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An Idea in Chorus With Hollywood

The L.A. Master Chorale gives voice to its many roles on movie soundtracks.

May 07, 2000|JON BURLINGAME | Jon Burlingame is an occasional contributor to Calendar

The Los Angeles Master Chorale has been leading a double life.

It's not just the city's premier choral organization and frequent collaborator with the L.A. Philharmonic, it's fast becoming Hollywood's house choir, having sung in nearly two dozen movies over the past decade (including such hits as "Twister," "Waterworld," "Independence Day" and "Air Force One").

For tonight's final concert of its 36th season, the Master Chorale revisits six decades of movie history with an unusual and challenging collection of choral music written for movies, from Sergei Prokofiev's "Alexander Nevsky" in 1938 to Jerry Goldsmith's "First Knight" in 1995. It's an ambitious program, according to Fullerton composer J.A.C. Redford, who is producing the concert for the Master Chorale.

"A lot of people think that music for movies, because it has a more straightforward emotional impact, must be shallow," he says. "This is musically difficult. It's good material, and it's going to require all of the elements that you bring to good concert music: the phrasing, the attention to detail, the balance in the orchestra and chorus, all of those things."

Redford, while best known for his film and TV music ("The Trip to Bountiful," "St. Elsewhere"), has also written for the concert hall, including a choral symphony and a Christmas cantata.

"I love the combination of choir and orchestra," Redford says. "I love the drama that can be created with those forces working together, or against each other." In film music, he notes, "a choir can, in the simplest sense, bring another color into the composer's palette. The addition of a text makes it more complicated, because text brings a cognitive element to the material. Then it's no longer just a color, but it's actually making a comment on something."

In preparing the program, Redford wanted choral sequences from great composers of the past and present. Complicating his task was the limited availability of scores for public performance (long a problem with movie music, most of which is owned by the studios or indifferent publishers).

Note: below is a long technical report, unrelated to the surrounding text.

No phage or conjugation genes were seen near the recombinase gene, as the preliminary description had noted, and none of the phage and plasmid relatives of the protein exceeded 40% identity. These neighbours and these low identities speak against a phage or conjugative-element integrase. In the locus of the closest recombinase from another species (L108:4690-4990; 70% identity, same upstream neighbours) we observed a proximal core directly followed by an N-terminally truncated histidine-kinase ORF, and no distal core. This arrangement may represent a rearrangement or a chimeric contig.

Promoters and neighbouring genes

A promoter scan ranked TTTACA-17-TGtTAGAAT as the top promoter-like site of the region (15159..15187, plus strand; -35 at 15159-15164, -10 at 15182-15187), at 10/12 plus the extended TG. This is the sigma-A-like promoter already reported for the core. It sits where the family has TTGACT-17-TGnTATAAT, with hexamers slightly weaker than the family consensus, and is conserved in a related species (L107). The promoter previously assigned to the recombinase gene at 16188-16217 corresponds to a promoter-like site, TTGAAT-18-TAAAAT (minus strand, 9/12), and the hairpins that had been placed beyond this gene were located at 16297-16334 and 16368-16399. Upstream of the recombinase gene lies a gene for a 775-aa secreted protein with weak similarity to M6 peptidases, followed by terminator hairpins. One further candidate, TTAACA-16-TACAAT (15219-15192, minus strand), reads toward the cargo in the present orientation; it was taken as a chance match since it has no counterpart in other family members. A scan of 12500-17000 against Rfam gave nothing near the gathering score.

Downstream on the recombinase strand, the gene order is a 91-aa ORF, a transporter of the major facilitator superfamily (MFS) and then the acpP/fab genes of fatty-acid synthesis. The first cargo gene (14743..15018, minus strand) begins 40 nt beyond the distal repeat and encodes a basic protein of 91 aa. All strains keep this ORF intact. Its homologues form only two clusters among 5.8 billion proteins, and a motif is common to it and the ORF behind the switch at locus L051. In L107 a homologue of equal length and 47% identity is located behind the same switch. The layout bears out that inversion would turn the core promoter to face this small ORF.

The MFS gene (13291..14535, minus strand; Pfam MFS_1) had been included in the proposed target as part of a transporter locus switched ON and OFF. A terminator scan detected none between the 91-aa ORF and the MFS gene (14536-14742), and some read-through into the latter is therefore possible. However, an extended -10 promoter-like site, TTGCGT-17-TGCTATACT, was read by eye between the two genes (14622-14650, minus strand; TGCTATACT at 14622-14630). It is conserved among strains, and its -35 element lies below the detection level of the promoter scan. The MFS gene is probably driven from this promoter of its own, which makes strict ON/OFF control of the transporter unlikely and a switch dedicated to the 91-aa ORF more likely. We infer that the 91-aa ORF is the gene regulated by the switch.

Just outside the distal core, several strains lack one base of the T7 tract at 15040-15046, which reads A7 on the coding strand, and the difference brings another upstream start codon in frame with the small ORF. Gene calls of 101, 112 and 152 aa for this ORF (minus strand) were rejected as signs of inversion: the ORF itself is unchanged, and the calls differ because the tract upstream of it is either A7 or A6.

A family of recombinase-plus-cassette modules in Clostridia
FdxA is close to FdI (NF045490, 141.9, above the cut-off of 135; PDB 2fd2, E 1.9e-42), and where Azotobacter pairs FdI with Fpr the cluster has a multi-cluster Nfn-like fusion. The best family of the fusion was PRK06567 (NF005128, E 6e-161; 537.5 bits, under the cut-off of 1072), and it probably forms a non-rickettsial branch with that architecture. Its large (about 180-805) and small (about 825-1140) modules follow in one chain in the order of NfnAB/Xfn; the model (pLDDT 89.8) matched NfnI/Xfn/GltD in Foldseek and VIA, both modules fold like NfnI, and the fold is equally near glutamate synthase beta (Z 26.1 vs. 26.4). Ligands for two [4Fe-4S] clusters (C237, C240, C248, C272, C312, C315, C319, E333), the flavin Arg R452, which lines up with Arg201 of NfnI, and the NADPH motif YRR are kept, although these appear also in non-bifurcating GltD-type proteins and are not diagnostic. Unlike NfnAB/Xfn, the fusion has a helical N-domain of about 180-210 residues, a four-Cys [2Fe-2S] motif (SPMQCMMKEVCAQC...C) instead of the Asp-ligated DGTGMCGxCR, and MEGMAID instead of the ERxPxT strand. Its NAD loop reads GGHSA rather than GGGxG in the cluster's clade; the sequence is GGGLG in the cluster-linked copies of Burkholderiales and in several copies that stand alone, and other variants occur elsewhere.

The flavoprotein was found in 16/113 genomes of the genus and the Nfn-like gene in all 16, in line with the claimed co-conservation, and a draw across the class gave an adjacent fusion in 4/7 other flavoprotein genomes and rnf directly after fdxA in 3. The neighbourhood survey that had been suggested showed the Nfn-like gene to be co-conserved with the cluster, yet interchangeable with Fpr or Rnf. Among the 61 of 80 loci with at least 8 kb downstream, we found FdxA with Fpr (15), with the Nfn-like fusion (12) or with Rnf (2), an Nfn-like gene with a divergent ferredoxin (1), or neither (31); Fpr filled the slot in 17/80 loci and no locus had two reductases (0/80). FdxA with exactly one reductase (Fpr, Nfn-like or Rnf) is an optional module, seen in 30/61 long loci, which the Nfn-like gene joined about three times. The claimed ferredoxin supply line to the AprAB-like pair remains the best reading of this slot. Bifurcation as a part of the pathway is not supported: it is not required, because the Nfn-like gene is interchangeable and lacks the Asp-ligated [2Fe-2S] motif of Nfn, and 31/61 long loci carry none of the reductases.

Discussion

The potpourri includes Hungarian composer Miklos Rozsa's setting of "The Lord's Prayer" from "King of Kings" (1961), John Williams' celebratory "Exsultate Justi" from the Steven Spielberg war film "Empire of the Sun" (1987) and Patrick Doyle's "Non Nobis Domine" from "Henry V" (1989). Three pieces from Italian composer Ennio Morricone's score for "The Mission" (1986), which combined liturgical music with the indigenous flute-and-percussion sounds of the film's 18th century South American locale, are also on the program. One notable non-film work will be performed: excerpts from the Mozart "Requiem," which figured prominently in the climax of the Oscar-winning 1984 film "Amadeus."

The 120-voice Master Chorale will by joined by the 75-piece Sinfonia Orchestra for most of the concert. The program's sole a cappella piece will be a new, six-minute arrangement of two classic movie tunes by veteran composer David Raksin: His famous 1944 "Laura," with its Johnny Mercer lyric, and "The Bad and the Beautiful," from the 1952 backstage-Hollywood movie, with words by Dory Previn. The arrangement was written by Gene Puerling, of the famed '50s vocal group the Hi-Los.

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When the concept was floated last season, says the chorale's music director, Paul Salamunovich, "it seemed like a fun idea"--especially since he has sung in more than 100 films, starting with "Joan of Arc," starring Ingrid Bergman, in 1948.

Salamunovich was part of the chorus in the original 1962 recording of the work scheduled to open tonight's concert: the overture from "How the West Was Won" by composer Alfred Newman and his longtime choral director, Ken Darby. The work incorporates such traditional American folk material as "Shenandoah" and "I'm Bound for the Promised Land."

The use of voices in movie music dates at least to the early 1930s, according to film historian Rudy Behlmer, author of "Memo From David O. Selznick" and "Behind the Scenes: The Making of . . . ."

Voices added to the ambience of '50s ancient-civilization epics like "Land of the Pharaohs" and "The Egyptian," "placing us in the period feeling of an archaic world," Behlmer says. They evoked a nostalgic feeling in movies like "Gone With the Wind," in which composer Max Steiner had a choir hum "Dixie" to shots of the antebellum South at the start of the film. And they were often used in pictures with religious subjects, like "Quo Vadis" or "The Robe."

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